The full scope of the program provides the tools for the resident to gain self-sufficiency financially, emotionally and psychologically.
3. Summary of Program Benefits
Lack of affordable housing, substance abuse, lack of needed services, low paying jobs, domestic violence and poverty are just some of the causes of homelessness. In Pittsburg, as in other major cities in the United States, attempts have been made to move individuals from emergency shelters into permanent housing. Pittsburg Transitional Housing Co-op eases the burden of homelessness by providing a safe, clean and nurturing living environment where residents learn life skills through on-site seminars and staff instruction so they can permanently exit homelessness. Between October 1, 2009 and September 30, 2010, Pittsburg Transitional Housing Co-op served 64 culturally diverse families. Of the 64 families served, 36 or 56% left the program for a housing opportunity. Of the families who left the program, 27 or 75% had a significant increase in income and for 21 or 58% of them, the income was from gainful employment. 30 of the families maintained market-rate housing for 12 months or longer. The typical family arriving at the Pittsburg Transitional Housing Co-op is headed by an African-American single female with less than 12 years of formal education. She usually has three children.
4. Program Importance
In many cases, individuals are unable to maintain individual market-rate housing because they lack the skills to effectively manage their resources. Because of low-wage paying jobs, they struggle to pay the rent and maintain the household. They often become homeless again because they are unable to pay rent, pay utilities, lose the opportunity for employment for lack of a permanent address and means of communication. Participation in the Home Empowerment Program (HEP) provides tools to the participant to overcome these barriers. The long term goal of HEP is to eliminate homelessness or at the very least “knock down some of the doors” that are known to cause homelessness. Participation in the Home Empowerment Program (HEP) has a sustained impact in helping individuals to become self-sufficient and to maintain permanent housing.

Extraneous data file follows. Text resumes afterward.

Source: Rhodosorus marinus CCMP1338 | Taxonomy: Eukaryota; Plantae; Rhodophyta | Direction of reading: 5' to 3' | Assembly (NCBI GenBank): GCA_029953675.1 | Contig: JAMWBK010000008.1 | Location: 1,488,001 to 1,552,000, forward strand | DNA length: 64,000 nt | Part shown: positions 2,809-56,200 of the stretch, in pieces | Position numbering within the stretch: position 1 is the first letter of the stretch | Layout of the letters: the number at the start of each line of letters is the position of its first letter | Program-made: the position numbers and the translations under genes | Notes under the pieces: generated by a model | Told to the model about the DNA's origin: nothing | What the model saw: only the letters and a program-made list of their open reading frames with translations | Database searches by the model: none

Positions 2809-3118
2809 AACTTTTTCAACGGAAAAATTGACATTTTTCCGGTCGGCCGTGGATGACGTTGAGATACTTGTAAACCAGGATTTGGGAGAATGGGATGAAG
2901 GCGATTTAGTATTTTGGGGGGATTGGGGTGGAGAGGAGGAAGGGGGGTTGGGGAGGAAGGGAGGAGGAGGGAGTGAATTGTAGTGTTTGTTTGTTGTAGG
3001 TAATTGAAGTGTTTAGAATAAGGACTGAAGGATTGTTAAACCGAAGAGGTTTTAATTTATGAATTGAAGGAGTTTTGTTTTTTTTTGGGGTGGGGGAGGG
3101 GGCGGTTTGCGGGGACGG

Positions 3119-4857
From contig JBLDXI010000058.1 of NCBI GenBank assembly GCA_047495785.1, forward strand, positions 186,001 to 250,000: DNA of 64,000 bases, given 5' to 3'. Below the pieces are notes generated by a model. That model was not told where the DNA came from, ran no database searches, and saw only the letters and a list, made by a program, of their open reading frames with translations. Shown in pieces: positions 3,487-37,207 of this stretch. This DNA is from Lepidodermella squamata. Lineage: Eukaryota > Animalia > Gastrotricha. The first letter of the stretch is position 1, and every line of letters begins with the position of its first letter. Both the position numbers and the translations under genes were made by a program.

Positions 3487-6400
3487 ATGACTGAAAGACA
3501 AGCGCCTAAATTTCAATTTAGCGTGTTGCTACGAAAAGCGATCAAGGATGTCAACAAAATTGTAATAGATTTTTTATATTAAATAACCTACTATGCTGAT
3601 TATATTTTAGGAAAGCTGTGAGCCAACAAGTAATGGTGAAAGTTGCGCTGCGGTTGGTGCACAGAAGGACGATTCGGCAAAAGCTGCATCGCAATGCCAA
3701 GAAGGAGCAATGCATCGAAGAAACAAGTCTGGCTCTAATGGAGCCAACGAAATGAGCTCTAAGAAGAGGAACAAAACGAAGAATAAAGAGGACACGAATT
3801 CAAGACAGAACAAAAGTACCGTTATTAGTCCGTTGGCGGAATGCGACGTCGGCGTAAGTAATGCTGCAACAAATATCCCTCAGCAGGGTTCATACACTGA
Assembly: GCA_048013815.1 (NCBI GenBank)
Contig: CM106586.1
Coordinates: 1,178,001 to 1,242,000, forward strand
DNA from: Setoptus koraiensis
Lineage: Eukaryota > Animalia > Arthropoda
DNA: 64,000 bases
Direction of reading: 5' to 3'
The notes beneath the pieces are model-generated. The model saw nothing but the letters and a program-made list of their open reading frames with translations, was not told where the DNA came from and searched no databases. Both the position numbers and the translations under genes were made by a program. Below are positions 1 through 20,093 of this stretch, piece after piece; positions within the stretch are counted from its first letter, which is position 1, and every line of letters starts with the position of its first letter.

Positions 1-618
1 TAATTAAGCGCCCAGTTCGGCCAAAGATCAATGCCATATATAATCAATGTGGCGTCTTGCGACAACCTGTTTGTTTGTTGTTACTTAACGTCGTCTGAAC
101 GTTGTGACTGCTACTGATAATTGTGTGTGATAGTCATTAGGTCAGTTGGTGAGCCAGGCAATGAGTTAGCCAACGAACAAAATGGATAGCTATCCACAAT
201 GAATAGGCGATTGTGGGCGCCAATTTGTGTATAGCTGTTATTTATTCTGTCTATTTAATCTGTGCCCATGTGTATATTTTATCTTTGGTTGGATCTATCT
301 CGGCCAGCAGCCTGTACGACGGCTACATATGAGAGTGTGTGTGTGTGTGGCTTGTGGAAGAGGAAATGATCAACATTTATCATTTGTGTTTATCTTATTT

5. Program Implementation
Since its inception, the Pittsburg Transitional Housing Co-op has assisted homeless families to effectively transition to and maintain permanent housing by offering intensive and comprehensive case management services and programs. No additional time is needed for program implementation because residents currently participate in HEP classes. Your contribution to the HEP will provide the financial assistance residents of the Pittsburg Transitional Housing Co-op need once they secure permanent housing.
6. Funding Requested
Pittsburg Transitional Housing Projects. Inc. is requesting $25,000 from the Realtor Housing Assistance Fund to support at a minimum 25 families who successfully complete the Home Empowerment Program classes over the next two years with “seed money” for permanent housing. The monies would be used to subsidize deposits for permanent housing or to pay first and last month’s rents for appropriate permanent housing.